On Wednesday, Oct. 2, during the NACS Show, moderator Lyle Beckwith, senior vice president, government relations for NACS; and speaker Doug Anderson, president, The We Card Program outlined the latest challenges and solution in tobacco regulation compliance in a session titled, “Retail Under Attack: The Importance of Tobacco Training.” The We Card Program has been around 24 years as a voluntary industry-based program.
Beckwith pointed out that 25 years ago the c-store industry did a good job on age verification on beer/alcohol, “but we did not do a good job on tobacco. The reason was nobody knew what the laws were. Twenty-five years ago we knew we had a problem. We got together at NACS and came up with We Card.”
At the time, 40% of underage youth were successful in purchasing tobacco from retailers. Once the training was implemented, their success rate buying cigarettes while underage from c-stores fell to the single digits.
But since We Card was first implemented rules have evolved and recently they’ve been changing daily. Denver, for example, just implemented a 21-year-old age restriction on purchasing tobacco yesterday.
The Food and Drug Administration (FDA) has been ramping up tobacco enforcement since 2010. Today, Anderson said, there are nearly 1.1 million compliance checks of all classes of trade of stores. Chains have been called out for poor violation rates. Some 11,976 warning letters were issued in 10 months in FFY 2019, as well as 3,948 civil money penalties. And, if FDA finds a violation they will return and inspect the store in future. If they find another violation fines can go up.
FDA does have guidance on an effective tobacco retail training program.
“What We Card does is it takes FDA guidance and turns it into a training program, taking the (FDA) document into translatable programs for you,” Beckwith said.
It does that for state laws as well.
While we often hear about underage smoking problems in terms of cigarettes, it’s important for c-store retailers to communicate to their staff that it’s not just cigarettes that are being sold to minors.
For example, according to FDA inspection data through July 31, 2019, of illegal sales to minors, 30% were packs of cigarettes, but 41% were cigars and 26% were ENDS/e-liquid.
How Do Retailers Respond?
C-store retailers can ensure they’re only selling to legal age adults by training employees, mystery shopping stores, providing job aides — such as are available through the We Card Program — and following best practices.
While having a training program is recommended, it’s not required. Anderson recommended having a written company policy that employees can read and sign as well as a mystery shopping program. Anderson outlined We Card’s range of training courses for different needs, and its tools for helping with age verification.
“We teach customer service as well. You can be compliant without being rude. Politely deny them. If they’re coming in for bottled water or something else, you want them to come in on another day,” Anderson said.
As more states move to 21-and-over age restrictions on tobacco, some also have exceptions for military or are grandfathering it in.
It’s no surprise, the move to 21 age restrictions is causing some issues at checkout. “…You have 18-, 19- and 20- year-old customers, who yesterday were legal customers and today they are not. So we need to create some guidance for associates to deal with that. Most have not grandfathered these in. We have some guidance on how associates should handle it,” Beckwith said.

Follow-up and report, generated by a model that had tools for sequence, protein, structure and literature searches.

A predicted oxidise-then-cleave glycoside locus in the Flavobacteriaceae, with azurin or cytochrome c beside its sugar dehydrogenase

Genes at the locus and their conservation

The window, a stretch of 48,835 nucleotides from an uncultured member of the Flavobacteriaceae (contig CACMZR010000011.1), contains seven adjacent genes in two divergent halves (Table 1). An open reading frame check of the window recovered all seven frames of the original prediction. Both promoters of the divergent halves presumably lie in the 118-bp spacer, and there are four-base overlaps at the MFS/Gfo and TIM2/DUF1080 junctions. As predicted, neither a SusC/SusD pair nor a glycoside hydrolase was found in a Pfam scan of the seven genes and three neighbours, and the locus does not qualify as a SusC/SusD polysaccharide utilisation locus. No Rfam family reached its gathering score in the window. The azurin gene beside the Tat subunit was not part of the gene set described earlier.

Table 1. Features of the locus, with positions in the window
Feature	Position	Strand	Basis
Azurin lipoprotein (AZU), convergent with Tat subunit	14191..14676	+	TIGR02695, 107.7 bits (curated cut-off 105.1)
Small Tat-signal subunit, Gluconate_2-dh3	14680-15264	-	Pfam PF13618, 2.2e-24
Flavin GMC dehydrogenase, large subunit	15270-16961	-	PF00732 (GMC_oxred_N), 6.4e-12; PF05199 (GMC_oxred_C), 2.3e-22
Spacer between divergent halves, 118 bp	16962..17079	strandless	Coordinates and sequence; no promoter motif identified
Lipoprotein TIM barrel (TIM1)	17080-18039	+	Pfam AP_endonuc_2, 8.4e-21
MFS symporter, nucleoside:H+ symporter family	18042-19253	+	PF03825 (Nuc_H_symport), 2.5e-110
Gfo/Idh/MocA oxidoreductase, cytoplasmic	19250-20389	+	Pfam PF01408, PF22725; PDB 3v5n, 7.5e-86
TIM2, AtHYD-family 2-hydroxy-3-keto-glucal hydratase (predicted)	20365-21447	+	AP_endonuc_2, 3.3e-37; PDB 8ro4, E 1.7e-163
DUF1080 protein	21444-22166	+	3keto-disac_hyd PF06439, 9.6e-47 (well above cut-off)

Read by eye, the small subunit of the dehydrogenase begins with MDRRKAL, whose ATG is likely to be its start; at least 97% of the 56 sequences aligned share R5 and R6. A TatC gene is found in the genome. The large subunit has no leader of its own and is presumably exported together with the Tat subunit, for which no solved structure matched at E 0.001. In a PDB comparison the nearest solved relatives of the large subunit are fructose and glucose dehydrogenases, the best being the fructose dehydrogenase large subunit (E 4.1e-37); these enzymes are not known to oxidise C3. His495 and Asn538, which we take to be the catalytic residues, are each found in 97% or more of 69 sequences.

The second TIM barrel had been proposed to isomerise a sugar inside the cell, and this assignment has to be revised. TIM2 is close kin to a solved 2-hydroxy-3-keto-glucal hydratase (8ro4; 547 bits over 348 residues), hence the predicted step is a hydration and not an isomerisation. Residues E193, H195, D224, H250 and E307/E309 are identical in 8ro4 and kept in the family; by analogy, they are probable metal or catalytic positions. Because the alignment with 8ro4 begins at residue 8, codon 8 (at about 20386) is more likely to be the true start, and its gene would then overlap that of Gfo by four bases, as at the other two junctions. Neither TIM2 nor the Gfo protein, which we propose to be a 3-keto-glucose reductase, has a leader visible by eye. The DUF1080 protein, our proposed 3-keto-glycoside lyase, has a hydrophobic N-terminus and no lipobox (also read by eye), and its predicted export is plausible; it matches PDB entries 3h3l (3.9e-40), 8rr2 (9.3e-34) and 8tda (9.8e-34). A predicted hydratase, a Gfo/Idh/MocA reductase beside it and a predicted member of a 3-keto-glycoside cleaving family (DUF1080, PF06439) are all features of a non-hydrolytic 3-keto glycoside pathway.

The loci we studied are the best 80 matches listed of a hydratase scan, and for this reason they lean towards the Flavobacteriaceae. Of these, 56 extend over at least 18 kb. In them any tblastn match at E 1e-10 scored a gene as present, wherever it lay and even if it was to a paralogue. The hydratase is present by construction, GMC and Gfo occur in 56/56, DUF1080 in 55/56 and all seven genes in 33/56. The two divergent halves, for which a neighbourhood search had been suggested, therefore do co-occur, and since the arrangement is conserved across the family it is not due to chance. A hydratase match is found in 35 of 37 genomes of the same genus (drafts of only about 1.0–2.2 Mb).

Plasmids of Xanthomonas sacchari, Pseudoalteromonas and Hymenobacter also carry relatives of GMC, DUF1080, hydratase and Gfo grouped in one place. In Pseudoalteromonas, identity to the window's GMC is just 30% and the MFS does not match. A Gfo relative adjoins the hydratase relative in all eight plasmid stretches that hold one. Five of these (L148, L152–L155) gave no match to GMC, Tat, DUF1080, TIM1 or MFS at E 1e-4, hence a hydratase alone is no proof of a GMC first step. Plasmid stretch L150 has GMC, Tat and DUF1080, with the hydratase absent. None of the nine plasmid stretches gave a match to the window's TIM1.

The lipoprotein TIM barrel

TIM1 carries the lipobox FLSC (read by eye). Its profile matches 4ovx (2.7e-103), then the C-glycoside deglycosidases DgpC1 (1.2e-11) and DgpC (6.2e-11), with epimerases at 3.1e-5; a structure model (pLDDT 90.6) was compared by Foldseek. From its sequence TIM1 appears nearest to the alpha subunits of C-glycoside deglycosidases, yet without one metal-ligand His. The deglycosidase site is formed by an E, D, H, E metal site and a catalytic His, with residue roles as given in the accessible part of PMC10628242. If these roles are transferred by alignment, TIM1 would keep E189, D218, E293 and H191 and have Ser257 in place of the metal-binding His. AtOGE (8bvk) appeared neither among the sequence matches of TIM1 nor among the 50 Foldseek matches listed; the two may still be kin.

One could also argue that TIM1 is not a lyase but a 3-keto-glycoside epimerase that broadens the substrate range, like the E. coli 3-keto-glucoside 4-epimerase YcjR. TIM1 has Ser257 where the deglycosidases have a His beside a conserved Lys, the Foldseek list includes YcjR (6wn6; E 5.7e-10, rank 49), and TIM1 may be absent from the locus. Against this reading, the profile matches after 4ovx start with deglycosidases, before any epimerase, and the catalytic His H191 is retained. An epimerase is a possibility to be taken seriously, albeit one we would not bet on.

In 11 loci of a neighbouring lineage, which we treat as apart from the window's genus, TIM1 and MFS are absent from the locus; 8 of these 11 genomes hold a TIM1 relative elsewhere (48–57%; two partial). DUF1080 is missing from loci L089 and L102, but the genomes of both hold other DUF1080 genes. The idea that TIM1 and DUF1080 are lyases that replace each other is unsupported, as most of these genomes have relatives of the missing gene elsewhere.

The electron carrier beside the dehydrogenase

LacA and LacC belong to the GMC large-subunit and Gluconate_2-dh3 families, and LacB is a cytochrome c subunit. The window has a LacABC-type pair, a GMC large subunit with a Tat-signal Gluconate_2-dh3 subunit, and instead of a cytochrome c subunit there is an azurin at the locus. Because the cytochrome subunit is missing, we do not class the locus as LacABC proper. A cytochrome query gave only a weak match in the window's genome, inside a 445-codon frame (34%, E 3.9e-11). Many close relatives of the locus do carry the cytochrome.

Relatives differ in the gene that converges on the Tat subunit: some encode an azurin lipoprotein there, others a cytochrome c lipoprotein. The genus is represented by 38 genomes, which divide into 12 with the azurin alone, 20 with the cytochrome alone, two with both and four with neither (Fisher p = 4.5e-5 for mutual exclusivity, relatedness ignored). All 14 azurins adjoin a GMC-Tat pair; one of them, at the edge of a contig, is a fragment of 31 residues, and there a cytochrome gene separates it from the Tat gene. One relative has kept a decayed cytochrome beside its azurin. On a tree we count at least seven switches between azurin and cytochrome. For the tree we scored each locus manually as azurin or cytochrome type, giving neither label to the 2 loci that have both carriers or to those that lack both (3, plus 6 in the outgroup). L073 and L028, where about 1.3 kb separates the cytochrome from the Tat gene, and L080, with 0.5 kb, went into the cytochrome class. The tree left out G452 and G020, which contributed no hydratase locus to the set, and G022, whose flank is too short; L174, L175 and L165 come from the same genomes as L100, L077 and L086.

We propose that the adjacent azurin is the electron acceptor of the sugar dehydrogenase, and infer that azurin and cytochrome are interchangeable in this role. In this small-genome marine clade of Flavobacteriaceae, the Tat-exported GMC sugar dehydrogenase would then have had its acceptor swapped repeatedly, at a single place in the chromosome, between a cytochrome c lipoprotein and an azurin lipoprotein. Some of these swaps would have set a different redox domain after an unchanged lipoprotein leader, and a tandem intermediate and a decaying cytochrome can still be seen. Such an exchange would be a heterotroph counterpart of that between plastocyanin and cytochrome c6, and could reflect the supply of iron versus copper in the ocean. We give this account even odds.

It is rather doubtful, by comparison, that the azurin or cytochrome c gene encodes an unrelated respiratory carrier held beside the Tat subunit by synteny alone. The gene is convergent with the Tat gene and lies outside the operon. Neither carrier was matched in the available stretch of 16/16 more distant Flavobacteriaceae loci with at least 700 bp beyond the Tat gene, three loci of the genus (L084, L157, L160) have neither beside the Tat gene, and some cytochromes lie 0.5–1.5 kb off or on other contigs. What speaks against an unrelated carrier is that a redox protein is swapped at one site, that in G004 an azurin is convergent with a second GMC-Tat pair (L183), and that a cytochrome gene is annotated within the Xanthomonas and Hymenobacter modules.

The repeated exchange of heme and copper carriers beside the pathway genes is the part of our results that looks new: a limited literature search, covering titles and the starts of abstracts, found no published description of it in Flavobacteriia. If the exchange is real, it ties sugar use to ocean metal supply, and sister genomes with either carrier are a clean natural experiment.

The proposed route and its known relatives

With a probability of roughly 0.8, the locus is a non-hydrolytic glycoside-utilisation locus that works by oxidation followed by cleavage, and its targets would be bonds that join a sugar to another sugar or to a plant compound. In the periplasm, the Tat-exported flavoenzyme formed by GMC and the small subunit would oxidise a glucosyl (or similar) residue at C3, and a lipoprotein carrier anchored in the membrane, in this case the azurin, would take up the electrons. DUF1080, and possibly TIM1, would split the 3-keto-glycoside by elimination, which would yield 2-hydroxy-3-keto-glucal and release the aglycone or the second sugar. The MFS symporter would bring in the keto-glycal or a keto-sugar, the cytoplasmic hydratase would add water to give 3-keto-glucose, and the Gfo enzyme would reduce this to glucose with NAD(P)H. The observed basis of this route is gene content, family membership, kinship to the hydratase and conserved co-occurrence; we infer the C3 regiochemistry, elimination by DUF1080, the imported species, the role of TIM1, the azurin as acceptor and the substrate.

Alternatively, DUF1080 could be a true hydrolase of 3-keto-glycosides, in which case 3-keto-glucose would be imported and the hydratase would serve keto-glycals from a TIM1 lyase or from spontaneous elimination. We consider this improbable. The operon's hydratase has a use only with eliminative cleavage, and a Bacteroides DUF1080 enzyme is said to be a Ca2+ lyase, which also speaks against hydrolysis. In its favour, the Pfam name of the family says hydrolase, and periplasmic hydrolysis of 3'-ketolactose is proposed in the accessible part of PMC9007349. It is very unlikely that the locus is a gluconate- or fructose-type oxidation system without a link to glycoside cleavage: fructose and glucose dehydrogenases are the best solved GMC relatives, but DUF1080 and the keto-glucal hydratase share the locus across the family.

It’s also important to realize much of the public may not be aware of rule changes and your store could be the first to inform a 20-year-old customer of the new law. “Don’t expect you have an informed public,” Anderson said.
We Card’s A-E-R-O technique can help sidestep potential conflicts with customers:
• Explain the new law,
• Remove the product from the counter,
• Offer other services.
In some states, it’s illegal for an employee to sell tobacco to an adult if they have reason to believe that adult is giving it to a minor. “If you’ve denied someone (a tobacco sale), and they turn to their of-age friend, hand them the money and say ‘buy this for me,’ you have to deny them,” Anderson explained.
Beckwith explained that 30% of minors reported getting e-cigs from retail and the majority of that 30% is from online or vape shops. “So the c-store industry is doing a good job,” Beckwith said.
But 70% get their cigarettes from social sourcing.
“(Former FDA) Commissioner Scott Gottlieb believed (c-stores) were the source of the social sourcing. … There can be a narrative made that this is coming from legal sales from our stores and being sold to minors. This third-party sourcing could be coming from c-stores even though sales data says it’s not,” Beckwith pointed out.
We Card is launching the Retailer Pledge, where retailers commit to continuing to prevent illegal sales to underage customers as well as denying adult-for-underage person purchases. In return, stores receive a badge and decals for the store to use to communicate and reinforce its values from the top down within the company. For more information, visit: Wecard.org/thepledge
Beckwith noted, “Any ingestible CBD product is not approved by the FDA. It’s likely approval will come, but may be age restricted. Same with cannabis. If we want access to these products, we have to maintain our leadership in being responsible retailers.”